Friday, April 06, 2007

The No Longer Invisible Dog

Sometimes I see myself in the dogs we foster, and I don't mean that we're both hairy, stinky, and poorly trained. Animals have personalities, and on occasion I see my own basic type reflected in one of the dogs we have in our temporary care.

Mombo is one of those dogs.

When Annie first pulled him out of the shelter and brought him home, his main goal was to be invisible. He stayed in the pantry room where we'd made a bed up for him, and didn't say much of anything. He cowered if you tried to touch him or take him by the collar. That, combined with the sun-bleached condition of his fur, led us to believe he'd been neglected at best, abused at worst. Whatever the case, he responded by trying very hard not to make any waves.

The quiet ones get to me the most. That type always has, ever since I was a kid. I sympathize intuitively with the reserved, shy people who seem to hover on the margins of a group. I can feel their discomfort, their lack of confidence and self-esteem blaring at me with every movement. Mombo was like that, just beaten down by poor health and abuse.

The thing about those kinds of people or animals, though, is that once you finally get through to them and they start to trust you, it's a gift beyond measure. It's special. I don't begrudge those who bestow their affection willy-nilly on everyone and everything they meet, love and happiness beaming forth like the rays of the sun. But I'm not like that, and when I see a kindred spirit I know how much courage and effort it takes to let someone else into their circle of trust.

That's why the first time Mombo put his paw on me after I had petted him, silently saying "Hey, that's pretty nice, you can keep doing it if you want", I felt just wonderful. Mombo will never be one to leap into your lap, tongue and tail wagging to beat all, bestowing kisses with abandon. But he lets you know in small ways that you're all right with him. He might still hover on the edge of a group but you know he's watching out for you anyway behind those silly bangs and the impossible mullet.

I remember the first time I heard a strange sound like a cross between a bark and a washing machine on the fritz when Annie and I were taking the other dogs for a walk. I headed back to the house, expecting that something was about to explode, only to discover that it was Mombo. He of the sore hips and pudgy belly, who had lain quietly for close to a month without making a peep, was letting us know in no uncertain terms that he did NOT want to be left behind.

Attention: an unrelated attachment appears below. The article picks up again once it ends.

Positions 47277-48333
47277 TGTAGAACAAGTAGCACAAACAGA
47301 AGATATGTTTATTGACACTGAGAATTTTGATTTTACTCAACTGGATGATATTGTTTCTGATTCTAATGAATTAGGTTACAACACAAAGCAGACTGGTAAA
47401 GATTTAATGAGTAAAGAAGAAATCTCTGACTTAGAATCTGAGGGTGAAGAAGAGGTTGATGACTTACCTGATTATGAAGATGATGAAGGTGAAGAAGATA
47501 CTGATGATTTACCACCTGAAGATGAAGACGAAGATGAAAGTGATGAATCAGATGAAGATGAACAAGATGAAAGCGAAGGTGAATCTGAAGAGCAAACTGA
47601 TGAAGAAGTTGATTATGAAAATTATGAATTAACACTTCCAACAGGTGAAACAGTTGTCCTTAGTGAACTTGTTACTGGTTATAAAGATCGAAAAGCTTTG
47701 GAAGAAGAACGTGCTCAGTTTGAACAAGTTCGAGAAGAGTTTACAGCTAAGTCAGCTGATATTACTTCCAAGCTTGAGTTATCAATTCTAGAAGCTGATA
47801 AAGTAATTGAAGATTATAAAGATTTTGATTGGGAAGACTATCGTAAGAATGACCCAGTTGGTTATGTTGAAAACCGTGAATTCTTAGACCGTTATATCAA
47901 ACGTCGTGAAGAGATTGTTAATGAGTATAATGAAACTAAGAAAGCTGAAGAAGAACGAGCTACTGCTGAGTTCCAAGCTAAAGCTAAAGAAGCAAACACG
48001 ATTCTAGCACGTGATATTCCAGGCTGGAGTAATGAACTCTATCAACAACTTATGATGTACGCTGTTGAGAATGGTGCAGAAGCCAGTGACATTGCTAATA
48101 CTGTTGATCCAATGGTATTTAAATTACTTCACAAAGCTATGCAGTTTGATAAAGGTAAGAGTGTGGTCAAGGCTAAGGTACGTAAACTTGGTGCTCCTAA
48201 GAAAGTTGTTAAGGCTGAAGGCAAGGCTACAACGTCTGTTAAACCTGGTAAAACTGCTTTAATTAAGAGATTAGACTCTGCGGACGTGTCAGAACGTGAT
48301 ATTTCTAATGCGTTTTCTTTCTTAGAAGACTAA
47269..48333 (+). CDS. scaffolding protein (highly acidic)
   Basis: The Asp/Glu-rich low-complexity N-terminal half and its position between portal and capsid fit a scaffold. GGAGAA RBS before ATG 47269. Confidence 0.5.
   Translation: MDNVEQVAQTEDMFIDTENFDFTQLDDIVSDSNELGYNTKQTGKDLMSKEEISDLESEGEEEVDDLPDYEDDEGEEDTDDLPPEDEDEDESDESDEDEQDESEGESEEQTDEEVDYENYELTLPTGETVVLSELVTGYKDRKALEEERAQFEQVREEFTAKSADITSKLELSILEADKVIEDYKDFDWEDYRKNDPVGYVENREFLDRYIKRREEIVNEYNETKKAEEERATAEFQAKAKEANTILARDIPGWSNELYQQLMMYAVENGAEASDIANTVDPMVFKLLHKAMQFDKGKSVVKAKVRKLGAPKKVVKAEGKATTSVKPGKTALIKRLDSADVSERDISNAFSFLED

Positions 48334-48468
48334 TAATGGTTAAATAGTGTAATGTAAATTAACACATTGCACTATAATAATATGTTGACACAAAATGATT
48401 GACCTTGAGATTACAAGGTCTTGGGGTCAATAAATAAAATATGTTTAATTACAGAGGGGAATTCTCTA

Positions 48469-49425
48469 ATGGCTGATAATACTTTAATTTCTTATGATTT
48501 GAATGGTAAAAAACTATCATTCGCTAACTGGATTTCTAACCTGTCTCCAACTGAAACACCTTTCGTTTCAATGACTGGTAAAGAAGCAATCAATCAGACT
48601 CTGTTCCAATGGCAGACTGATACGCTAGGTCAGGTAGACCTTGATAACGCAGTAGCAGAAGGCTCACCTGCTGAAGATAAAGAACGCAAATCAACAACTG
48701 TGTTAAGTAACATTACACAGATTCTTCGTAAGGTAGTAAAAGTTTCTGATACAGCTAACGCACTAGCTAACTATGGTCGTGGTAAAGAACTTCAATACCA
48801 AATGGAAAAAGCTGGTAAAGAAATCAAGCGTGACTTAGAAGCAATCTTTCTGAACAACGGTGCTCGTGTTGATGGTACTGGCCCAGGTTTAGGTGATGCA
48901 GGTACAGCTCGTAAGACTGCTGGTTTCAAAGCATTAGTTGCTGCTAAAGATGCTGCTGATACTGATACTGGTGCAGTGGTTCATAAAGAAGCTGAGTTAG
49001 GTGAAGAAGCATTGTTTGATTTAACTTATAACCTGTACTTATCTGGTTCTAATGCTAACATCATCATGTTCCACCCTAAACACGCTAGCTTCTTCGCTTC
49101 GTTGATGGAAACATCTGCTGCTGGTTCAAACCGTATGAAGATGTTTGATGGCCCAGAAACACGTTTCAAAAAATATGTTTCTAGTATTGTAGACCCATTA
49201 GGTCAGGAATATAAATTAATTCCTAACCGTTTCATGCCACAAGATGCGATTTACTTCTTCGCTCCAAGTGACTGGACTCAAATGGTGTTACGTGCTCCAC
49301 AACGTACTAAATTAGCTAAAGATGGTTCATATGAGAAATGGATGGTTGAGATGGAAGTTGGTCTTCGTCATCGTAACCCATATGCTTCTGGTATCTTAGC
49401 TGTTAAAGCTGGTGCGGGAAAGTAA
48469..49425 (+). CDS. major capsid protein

So we took him with us, both on our walks and in our hearts. When you get a rare gift like the trust of a dog like Mombo, it's not something to be treated lightly.

That's why it was so hard for us to say goodbye to Mombo today as he rode off with his new family.

We were taken a bit by surprise -- Mombo's been with us for three months now, longer than most other foster dogs, and I think in the back of our minds we had sort of assumed no one would ever adopt him. But suddenly this great family's application (a young husband and wife and their toddler) was approved, and they were on the phone determined to come and meet the dog they'd already fallen in love with online. Before we knew it they'd met, agreed that they'd all like each other, and Mombo was in the car heading down the road, Annie and I left a bit bewildered behind.

Now that he's no longer trying to be invisible, it's right and fitting that he's got three people dedicated to loving him full time, but darn it ... I let Mombo into my circle of trust, too, and I'm going to miss him terribly.


Denise said...

You made me cry with that one, Jeff. I think what I've learned from these dogs is that they trust even when there's no reason to, and they do so whole-heartedly, tail wagging and thumping and with everything. If only we humans could be so unreserved once we've been hurt. I remember Mombo and your descriptions of him are right on the money. Know that you gave him to a young family a different soul -- a trusting dog who knows that hurts heal and it particularly doesn't hurt to love again.

sph said...

I am crying with you, Denise. I fell in love with Mombo from a picture and have been so blessed to watch his transformation, both physically and emotionally. Words cannot describe the privilege of knowing Jeff and Annie. They do all the work and allow others to share in the transformations of these four legged mammals. Dogs like Mombo have an amazing effect on the more recently, upright mammals that are fortunate enough to pass through their lives, no matter how briefly. Long live Mombo. Thank you Jeff and Annie, I miss him too. I really miss him.

annie'sbuddie said...

Trying to decide whether I'm happy or sad about Mombo finally getting his own family. I too fell in love with him via photos & the internet and hoped to be able to meet him in person one day...even tried convincing a friend he was perfect for her so he'd be in my neck of TX.
Thanks for holding out until the absolutely right people came along, Annie. Now there is room for you & Jeff to work your magic healing on the next creature that is so fortunate to come into your home.